For those who use the standard four per cent withdrawal rate for retirement savings, it’s time to reconsider the approach.

“The four per cent withdrawal rate has long been presumed the industry standard for investors entering retirement, but this rate is no longer optimal,” says Vjosana Klosi, director of portfolio construction at CIBC Asset Management Inc. and co-author of a May 2017 research paper on sustainable withdrawal rates.

Why? “The [four per cent] rate was determined by financial planning practitioners as early as 1994,” says Klosi.

“It was based on models [that] relied on historical returns to determine the performance of a balanced portfolio with 60 per cent exposure to equities and 40 per cent exposure to debt,” she adds.

And those historical returns are relatively high: up to 10 per cent, on average, for Canadian equities, and up to seven per cent for Canadian bonds. On a 10-year basis, however, returns are considerably lower, closer to six per cent for Canadian equities and about half of that for Canadian bonds, says Klosi.

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Given this discrepancy, her firm has revised its long-term return expectations for balanced portfolios. “The main reason why . . . is that, during the past nine years, the downward sloping trend for rates has resulted in increased valuations for fixed income,” she says, adding that the forecasted return for long-term Canadian bond yields is now 2.5 per cent.

“Even though [withdrawal rates] are expected to increase in the long run, the forecasted expected rates should not be higher than 2.8 per cent to 3 per cent, which is still lower than the historical [withdrawal] target of four per cent,” Klosi adds.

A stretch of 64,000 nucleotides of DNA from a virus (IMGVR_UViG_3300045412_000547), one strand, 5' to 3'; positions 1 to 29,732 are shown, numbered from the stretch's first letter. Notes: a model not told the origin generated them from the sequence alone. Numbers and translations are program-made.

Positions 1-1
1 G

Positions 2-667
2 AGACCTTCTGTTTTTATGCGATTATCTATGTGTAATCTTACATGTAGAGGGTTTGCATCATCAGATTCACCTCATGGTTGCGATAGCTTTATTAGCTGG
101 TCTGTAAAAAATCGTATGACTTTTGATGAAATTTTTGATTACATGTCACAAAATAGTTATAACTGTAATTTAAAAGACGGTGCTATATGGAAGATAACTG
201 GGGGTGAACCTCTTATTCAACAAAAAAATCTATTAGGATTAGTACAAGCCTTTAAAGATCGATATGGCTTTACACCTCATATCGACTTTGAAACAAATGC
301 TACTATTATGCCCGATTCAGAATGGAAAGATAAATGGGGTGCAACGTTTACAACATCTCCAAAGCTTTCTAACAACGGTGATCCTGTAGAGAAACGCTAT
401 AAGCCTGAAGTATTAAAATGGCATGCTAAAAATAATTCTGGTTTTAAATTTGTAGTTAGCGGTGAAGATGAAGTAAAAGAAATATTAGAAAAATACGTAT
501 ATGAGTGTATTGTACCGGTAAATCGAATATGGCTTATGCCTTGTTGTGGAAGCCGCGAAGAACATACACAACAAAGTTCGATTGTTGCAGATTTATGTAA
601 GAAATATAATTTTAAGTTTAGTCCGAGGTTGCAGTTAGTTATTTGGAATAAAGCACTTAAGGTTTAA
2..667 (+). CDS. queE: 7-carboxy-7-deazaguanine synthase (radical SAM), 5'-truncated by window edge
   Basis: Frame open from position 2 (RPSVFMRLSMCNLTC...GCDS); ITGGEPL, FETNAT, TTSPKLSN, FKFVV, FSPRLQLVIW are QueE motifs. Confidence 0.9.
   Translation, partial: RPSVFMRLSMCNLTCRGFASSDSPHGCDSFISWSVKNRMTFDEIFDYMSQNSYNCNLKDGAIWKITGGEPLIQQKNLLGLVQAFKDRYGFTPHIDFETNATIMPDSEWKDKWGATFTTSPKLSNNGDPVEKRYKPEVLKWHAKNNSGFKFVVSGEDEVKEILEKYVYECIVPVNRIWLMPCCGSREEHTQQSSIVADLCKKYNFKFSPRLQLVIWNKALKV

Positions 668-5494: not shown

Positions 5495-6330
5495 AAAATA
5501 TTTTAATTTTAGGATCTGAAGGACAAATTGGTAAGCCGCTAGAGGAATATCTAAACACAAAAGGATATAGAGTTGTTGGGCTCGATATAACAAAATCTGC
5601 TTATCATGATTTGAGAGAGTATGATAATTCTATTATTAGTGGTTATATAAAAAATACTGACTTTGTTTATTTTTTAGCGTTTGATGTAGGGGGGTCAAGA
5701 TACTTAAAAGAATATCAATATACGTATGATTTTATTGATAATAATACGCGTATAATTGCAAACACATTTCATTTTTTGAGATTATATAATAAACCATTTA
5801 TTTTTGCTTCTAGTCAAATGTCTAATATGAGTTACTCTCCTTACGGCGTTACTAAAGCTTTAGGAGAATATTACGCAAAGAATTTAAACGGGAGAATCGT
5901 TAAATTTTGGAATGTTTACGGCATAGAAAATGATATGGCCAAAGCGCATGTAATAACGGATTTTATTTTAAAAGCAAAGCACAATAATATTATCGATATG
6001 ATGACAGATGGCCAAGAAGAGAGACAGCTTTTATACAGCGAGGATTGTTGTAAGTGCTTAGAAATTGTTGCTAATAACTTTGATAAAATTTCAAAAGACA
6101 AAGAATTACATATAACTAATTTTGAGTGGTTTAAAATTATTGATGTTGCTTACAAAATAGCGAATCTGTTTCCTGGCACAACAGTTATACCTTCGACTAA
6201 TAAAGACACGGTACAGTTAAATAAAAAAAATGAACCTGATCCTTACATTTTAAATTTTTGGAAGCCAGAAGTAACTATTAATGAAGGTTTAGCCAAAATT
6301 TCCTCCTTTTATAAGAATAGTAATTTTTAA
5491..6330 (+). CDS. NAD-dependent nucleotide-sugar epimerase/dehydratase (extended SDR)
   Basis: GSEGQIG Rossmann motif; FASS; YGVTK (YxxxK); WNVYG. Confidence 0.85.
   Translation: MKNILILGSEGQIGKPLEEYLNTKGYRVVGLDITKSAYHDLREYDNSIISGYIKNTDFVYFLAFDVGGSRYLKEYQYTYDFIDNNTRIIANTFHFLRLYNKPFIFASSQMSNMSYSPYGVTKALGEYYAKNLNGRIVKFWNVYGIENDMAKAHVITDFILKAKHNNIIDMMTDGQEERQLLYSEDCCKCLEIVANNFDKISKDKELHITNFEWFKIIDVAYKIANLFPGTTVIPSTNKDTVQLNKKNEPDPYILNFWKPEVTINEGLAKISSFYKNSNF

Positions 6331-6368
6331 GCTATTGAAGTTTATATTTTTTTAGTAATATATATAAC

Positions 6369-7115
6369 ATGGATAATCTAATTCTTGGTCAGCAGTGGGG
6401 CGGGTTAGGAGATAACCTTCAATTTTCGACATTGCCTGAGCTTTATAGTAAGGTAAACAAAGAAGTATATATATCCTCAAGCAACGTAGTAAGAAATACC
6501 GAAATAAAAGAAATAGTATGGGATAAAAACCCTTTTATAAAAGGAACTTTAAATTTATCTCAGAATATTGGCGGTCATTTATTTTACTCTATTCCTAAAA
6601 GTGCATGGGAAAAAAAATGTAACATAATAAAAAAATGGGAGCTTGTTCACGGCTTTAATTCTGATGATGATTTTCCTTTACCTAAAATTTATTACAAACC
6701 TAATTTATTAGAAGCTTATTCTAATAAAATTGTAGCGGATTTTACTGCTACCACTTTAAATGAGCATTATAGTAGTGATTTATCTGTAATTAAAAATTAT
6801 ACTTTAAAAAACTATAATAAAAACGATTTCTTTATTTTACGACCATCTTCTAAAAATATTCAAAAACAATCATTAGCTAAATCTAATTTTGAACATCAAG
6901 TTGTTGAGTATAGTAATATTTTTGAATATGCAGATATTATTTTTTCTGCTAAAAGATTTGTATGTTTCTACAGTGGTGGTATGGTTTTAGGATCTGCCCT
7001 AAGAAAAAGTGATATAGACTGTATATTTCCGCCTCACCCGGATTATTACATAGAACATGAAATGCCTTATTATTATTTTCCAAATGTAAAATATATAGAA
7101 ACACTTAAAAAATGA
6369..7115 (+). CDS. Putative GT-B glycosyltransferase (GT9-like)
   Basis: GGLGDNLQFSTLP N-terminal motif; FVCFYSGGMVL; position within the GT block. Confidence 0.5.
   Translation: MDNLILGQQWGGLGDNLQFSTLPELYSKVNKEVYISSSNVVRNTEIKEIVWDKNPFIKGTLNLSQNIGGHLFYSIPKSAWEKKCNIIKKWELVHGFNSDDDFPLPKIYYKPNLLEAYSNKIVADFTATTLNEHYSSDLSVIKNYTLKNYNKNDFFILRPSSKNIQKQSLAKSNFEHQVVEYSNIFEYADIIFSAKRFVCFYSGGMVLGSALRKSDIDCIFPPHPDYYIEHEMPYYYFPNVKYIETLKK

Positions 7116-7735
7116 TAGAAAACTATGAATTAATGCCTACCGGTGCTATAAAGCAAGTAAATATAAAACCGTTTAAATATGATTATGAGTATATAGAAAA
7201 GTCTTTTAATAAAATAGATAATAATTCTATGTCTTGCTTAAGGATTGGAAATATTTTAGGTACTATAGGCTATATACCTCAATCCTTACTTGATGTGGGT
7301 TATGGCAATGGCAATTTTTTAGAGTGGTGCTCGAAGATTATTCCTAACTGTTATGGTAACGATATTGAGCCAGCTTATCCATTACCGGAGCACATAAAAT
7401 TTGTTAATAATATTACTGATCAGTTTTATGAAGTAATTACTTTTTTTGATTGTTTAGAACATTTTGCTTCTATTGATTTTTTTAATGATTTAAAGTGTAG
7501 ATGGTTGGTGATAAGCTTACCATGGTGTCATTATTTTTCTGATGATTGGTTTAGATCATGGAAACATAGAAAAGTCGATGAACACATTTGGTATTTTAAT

For equities, “lower growth rates and demographics in developed markets have resulted in lower expected returns for equities in general and, therefore, lower expected returns for balanced portfolios,” she says.

 

Along with expected returns, an investor’s risk profile affects the withdrawal rate.

For investors with a medium-risk profile, who are willing to accept a 10 per cent probability of their portfolio having no residual value, the recommended withdrawal rate is between 3.5 per cent and 3.75 per cent, according to Klosi.

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Overall, depending on an investor’s risk appetite, Klosi says recommended withdrawal rates vary between 2.5 per cent and four per cent.

“Investors who are willing to take on additional risk can increase their target withdrawal rates,” she says. Of course, those investors would also have to accept a greater failure probability, of above 10 per cent.

This article originally appeared on the website of Benefits Canada‘s companion publication, Advisor.ca, and is part of the AdvisorToGo podcast. Listen to the full podcast on AdvisorToGo.

Copyright © 2018 Transcontinental Media G.P. Originally published on benefitscanada.com

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